The 5th International Conference on Industrial Bioprocesses, Taipei; 10/2012
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    ABSTRACT: BACKGROUND: The gut micro flora plays vital role in health status of the host. The majority of microbes residing in the gut have a profound influence on human physiology and nutrition. Different human ethnic groups vary in genetic makeup as well as the environmental conditions they live in. The gut flora changes with genetic makeup and environmental factors and hence it is necessary to understand the composition of gut flora of different ethnic groups. Indian population is different in physiology from western population (YY paradox) and thus the gut flora in Indian population is likely to differ from the extensively studied gut flora in western population. In this study we have investigated the gut flora of two Indian families, each with three individuals belonging to successive generations and living under the same roof. RESULTS: Denaturation gradient gel electrophoresis analysis showed age-dependant variation in gut microflora amongst the individuals within a family. Different bacterial genera were dominant in the individual of varying age in clone library analysis. Obligate anaerobes isolated from individuals within a family showed age related differences in isolation pattern, with 27% (6 out of 22) of the isolates being potential novel species based on 16S rRNA gene sequence. In qPCR a consistent decrease in Firmicutes number and increase in Bacteroidetes number with increasing age was observed in our subjects, this pattern of change in Firmicutes / Bacteroidetes ratio with age is different than previously reported in European population. CONCLUSION: There is change in gut flora with age amongst the individuals within a family. The isolation of high percent of novel bacterial species and the pattern of change in Firmicutes /Bacteroidetes ratio with age suggests that the composition of gut flora in Indian individuals may be different than the western population. Thus, further extensive study is needed to define the gut flora in Indian population.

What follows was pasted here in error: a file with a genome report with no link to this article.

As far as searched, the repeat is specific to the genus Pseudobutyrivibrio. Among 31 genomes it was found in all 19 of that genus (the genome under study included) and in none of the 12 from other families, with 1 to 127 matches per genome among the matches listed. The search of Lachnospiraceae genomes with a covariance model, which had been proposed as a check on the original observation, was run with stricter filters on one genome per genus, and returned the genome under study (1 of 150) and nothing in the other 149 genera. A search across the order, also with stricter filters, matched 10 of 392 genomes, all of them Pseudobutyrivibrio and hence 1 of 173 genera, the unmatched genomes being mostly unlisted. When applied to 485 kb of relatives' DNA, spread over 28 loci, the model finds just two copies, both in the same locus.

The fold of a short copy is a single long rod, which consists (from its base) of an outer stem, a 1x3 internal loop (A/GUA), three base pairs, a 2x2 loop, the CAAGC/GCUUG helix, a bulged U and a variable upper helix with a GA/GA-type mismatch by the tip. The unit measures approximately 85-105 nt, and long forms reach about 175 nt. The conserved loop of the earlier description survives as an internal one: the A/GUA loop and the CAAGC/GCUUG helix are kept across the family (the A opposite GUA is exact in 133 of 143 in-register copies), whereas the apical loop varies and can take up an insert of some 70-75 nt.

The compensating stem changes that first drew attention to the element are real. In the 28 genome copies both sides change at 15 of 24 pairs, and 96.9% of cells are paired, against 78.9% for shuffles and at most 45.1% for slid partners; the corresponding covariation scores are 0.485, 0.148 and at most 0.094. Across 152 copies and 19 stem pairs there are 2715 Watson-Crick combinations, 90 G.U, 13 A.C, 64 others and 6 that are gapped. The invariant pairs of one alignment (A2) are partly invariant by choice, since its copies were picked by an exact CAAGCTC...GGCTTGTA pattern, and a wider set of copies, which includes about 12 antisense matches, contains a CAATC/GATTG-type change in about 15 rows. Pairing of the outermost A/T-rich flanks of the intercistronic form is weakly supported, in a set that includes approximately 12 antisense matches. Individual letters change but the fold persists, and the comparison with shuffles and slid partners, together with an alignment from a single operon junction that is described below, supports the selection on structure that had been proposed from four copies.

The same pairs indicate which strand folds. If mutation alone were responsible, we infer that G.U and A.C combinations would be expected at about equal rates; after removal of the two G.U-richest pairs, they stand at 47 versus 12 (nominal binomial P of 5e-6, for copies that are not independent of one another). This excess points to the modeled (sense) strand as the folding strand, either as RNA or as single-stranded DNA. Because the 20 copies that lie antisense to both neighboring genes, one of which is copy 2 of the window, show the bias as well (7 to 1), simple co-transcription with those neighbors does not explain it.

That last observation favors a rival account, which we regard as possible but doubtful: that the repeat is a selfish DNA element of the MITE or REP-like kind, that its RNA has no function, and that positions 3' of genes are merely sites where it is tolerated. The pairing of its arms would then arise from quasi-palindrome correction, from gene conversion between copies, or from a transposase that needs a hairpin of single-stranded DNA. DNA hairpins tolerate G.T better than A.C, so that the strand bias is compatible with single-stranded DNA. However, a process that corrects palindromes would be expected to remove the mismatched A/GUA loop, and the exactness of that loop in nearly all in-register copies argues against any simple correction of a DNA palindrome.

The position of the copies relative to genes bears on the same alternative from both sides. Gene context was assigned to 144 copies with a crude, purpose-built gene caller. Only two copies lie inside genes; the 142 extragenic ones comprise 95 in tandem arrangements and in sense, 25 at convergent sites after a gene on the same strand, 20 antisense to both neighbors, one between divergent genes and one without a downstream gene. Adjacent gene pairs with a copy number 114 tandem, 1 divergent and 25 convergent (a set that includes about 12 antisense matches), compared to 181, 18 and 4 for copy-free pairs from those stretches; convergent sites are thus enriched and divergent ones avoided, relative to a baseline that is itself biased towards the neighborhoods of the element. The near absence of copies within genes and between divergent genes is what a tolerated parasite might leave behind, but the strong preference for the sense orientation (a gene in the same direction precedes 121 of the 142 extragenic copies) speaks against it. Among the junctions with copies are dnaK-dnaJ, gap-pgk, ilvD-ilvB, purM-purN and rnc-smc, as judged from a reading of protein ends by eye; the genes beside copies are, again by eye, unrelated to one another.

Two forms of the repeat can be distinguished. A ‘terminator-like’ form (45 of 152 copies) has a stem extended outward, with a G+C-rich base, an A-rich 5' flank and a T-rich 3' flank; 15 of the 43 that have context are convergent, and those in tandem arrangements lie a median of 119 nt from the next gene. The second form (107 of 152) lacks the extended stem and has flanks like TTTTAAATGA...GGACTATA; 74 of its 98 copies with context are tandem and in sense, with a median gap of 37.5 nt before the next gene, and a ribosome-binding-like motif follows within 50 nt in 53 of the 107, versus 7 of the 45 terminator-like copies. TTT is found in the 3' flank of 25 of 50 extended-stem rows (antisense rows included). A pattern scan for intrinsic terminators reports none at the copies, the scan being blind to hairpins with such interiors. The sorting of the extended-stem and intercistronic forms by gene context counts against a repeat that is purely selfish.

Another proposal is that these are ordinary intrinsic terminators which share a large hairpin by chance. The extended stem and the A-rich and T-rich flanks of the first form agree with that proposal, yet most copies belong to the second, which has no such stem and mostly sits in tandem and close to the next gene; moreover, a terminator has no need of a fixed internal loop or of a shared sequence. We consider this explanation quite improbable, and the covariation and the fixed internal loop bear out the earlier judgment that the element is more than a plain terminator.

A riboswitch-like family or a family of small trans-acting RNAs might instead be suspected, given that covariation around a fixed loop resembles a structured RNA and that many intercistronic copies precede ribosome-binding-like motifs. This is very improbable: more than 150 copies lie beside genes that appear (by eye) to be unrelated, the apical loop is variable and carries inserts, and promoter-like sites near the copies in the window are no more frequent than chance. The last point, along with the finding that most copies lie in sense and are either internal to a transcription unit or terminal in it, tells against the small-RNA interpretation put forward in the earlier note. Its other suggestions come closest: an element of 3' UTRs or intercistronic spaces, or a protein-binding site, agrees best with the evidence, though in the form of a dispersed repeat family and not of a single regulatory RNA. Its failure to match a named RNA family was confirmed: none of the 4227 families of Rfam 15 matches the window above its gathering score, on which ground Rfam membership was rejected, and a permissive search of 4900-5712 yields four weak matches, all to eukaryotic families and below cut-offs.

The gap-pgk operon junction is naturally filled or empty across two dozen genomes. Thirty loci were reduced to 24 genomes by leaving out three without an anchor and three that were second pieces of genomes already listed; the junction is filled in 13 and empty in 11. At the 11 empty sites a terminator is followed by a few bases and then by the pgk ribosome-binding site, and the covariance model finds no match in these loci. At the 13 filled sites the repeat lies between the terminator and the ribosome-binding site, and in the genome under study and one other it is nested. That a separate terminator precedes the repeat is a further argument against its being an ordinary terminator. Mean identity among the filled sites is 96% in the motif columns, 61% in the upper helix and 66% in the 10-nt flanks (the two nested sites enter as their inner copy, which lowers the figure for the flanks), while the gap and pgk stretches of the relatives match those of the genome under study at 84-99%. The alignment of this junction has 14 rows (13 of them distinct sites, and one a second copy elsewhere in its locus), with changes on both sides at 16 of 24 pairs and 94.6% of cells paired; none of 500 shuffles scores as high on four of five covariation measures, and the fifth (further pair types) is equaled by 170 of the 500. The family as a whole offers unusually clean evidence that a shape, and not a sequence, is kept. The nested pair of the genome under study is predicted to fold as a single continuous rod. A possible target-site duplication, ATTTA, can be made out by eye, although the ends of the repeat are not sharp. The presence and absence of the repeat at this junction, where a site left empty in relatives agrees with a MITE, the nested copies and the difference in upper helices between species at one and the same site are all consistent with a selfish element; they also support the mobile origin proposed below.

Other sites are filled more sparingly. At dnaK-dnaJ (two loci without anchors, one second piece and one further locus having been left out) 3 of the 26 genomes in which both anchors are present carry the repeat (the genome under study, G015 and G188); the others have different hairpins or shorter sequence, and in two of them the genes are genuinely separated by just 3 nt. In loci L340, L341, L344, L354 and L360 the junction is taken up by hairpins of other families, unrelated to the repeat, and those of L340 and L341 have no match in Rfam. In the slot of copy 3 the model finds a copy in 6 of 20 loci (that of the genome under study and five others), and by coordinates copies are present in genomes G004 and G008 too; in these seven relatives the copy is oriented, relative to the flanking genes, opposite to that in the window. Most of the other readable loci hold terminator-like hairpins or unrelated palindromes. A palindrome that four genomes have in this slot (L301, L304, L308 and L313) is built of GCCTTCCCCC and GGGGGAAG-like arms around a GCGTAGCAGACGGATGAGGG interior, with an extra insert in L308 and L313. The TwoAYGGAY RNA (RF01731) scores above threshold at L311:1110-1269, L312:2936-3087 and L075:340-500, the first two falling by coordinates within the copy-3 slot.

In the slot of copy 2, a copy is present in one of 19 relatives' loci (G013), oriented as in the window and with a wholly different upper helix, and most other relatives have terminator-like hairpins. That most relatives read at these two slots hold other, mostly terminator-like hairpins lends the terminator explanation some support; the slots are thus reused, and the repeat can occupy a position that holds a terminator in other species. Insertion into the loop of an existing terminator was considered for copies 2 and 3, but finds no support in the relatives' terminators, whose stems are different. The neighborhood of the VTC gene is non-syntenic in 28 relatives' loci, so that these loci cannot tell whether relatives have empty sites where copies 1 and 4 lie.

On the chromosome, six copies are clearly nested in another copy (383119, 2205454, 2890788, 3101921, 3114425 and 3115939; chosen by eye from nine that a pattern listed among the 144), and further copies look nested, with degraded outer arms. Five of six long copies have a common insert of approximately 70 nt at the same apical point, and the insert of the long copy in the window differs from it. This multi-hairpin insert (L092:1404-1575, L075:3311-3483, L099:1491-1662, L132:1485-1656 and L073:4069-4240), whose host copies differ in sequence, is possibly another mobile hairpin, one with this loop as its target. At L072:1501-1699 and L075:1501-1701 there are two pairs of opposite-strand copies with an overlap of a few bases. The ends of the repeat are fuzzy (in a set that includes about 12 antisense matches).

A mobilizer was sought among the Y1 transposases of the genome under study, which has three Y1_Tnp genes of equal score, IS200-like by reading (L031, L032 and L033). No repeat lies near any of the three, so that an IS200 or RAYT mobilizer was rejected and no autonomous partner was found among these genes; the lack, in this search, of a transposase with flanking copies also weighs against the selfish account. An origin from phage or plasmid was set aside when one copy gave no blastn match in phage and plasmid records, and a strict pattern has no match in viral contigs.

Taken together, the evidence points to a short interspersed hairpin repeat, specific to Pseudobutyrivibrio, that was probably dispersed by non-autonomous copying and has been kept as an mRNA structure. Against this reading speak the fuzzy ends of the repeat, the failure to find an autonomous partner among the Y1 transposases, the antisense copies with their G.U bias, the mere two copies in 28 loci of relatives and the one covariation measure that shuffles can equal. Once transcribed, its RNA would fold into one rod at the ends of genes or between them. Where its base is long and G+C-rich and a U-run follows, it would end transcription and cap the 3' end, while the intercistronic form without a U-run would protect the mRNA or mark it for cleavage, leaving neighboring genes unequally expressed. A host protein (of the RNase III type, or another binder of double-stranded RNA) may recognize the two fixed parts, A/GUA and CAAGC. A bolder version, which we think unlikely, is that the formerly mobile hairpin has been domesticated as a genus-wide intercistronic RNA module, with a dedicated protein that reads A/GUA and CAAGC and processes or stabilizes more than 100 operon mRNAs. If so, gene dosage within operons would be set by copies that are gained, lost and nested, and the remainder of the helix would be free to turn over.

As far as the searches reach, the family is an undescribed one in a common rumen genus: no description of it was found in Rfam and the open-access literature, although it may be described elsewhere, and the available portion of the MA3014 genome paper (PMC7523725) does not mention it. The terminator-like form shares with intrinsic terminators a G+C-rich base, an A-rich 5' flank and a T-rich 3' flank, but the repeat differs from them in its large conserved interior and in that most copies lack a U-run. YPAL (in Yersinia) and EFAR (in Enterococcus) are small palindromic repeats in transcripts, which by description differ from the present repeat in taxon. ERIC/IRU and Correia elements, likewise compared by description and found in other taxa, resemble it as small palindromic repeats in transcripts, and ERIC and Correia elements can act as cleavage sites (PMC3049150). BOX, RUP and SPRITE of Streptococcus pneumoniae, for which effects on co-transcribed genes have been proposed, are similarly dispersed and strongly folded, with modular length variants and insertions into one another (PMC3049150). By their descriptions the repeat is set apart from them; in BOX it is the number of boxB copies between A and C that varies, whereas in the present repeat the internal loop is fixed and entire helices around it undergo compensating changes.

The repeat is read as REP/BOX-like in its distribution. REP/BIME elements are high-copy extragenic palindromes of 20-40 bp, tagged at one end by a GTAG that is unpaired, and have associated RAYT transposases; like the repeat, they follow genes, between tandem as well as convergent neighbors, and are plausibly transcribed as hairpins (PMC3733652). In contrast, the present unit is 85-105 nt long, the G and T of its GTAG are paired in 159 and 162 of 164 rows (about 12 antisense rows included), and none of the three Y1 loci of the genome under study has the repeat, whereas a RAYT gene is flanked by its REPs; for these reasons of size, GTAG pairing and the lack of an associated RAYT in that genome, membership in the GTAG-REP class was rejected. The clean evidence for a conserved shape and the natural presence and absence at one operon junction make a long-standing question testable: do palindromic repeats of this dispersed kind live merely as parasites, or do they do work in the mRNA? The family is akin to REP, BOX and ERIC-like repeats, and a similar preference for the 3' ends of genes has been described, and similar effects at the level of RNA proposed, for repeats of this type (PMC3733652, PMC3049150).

BMC Microbiology 09/2012; 12(1):222. · 3.10 Impact Factor
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    ABSTRACT: Obesity is a consequence of a complex interplay between the host genome and the prevalent obesogenic factors among the modern communities. The role of gut microbiota in the pathogenesis of the disorder was recently discovered; however, 16S-rRNA-based surveys revealed compelling but community-specific data. Considering this, despite unique diets, dietary habits and an uprising trend in obesity, the Indian counterparts are poorly studied. Here, we report a comparative analysis and quantification of dominant gut microbiota of lean, normal, obese and surgically treated obese individuals of Indian origin. Representative gut microbial diversity was assessed by sequencing fecal 16S rRNA libraries for each group (n=5) with a total of over 3000 sequences. We detected no evident trend in the distribution of the predominant bacterial phyla, Bacteroidetes and Firmicutes. At the genus level, the bacteria of genus Bacteroides were prominent among the obese individuals, which was further confirmed by qPCR (P less than 0.05). In addition, a remarkably high archaeal density with elevated fecal SCFA levels was also noted in the obese group. On the contrary, the treated-obese individuals exhibited comparatively reduced Bacteroides and archaeal counts along with reduced fecal SCFAs. In conclusion, the study successfully identified a representative microbial diversity in the Indian subjects and demonstrated the prominence of certain bacterial groups in obese individuals; nevertheless, further studies are essential to understand their role in obesity.